It seems the only congressional actions that get fast-tracked these days are those that provide for the naming of post offices. Use the Memorial Day holiday to send a message to your Congressional representative asking their support for S. 948/HR 942, the Ensuring Access to Quality Complex Rehabilitation Technology Act.
As therapists who provide care and resources for individuals affected by disabilities, we need to remind ourselves that what happens when we are charged to provide services to a client—regardless of whether many of those services must be delegated to others—will carry consequences that will be ascribed to us. Good or bad.
The Senate seems to have once again left its national sense of priorities in its other purse. How could it find the bandwidth to draft and vote on four treaties that protect fish and people who propagate fish, yet have no time to vote on the Convention of the Rights of Persons with Disabilities?
As of 2012 only 17.8% of individuals living in the United States who are affected by a disability were employed. For the able-bodied the employment-population ratio is 63.9% That’s not just a gap. It’s a chasm. And a regrettable one.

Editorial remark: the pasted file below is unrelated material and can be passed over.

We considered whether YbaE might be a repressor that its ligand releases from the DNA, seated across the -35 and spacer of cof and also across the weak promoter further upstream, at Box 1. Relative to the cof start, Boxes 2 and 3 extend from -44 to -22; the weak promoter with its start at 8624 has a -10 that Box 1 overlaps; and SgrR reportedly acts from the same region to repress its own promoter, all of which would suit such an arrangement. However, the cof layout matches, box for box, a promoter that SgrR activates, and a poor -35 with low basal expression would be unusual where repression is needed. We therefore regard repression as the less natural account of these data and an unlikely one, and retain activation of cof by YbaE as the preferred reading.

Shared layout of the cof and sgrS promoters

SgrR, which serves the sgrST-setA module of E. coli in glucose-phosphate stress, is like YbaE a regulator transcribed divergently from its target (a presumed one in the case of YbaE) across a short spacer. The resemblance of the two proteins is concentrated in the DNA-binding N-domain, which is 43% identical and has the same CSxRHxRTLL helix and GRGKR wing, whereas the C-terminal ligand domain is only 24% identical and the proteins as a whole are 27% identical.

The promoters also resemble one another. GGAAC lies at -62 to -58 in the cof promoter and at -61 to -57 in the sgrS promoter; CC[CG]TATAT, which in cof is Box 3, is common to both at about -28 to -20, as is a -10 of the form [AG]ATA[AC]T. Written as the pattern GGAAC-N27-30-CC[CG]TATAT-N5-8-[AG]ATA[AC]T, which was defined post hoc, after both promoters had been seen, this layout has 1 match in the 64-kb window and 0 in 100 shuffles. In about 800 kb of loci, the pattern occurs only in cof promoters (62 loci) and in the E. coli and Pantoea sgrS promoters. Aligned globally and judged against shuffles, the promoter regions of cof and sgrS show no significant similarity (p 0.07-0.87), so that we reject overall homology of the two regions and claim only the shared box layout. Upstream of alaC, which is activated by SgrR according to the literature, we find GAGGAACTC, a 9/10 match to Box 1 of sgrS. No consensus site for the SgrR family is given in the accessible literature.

The LMN is a force for good, which is why it is critical to write the best LMNs possible. This is also where we must lock out our egos—leave them on the porch—and consult, collaborate, and investigate with whoever we must to create an LMN that gets the job done.
“…allow yourself to recharge so you have the energy to consistently respond as the trusted advisor. Your patients are watching and they are listening. And for better or worse your patients remember.”
Did Disney change its policy for disabled guests who wait in long lines because of intolerance from other patrons, or because it thinks it found a better way?
Bringing your good idea to fruition doesn’t require you to be taller, smarter, or better looking. It only requires you to have the courage of your convictions. The Abilities Expo is one example of a good idea that didn’t just “happen” by itself.
A good idea doesn’t have to be revolutionary. It doesn’t have to be the next automobile cup holder. In our line of work a good idea is simply something actionable that improves someone else’s life.
Is a pair of hands worth $150 million? Would I part with my own two hands for $150 million? Quality of life is about more than mobility devices.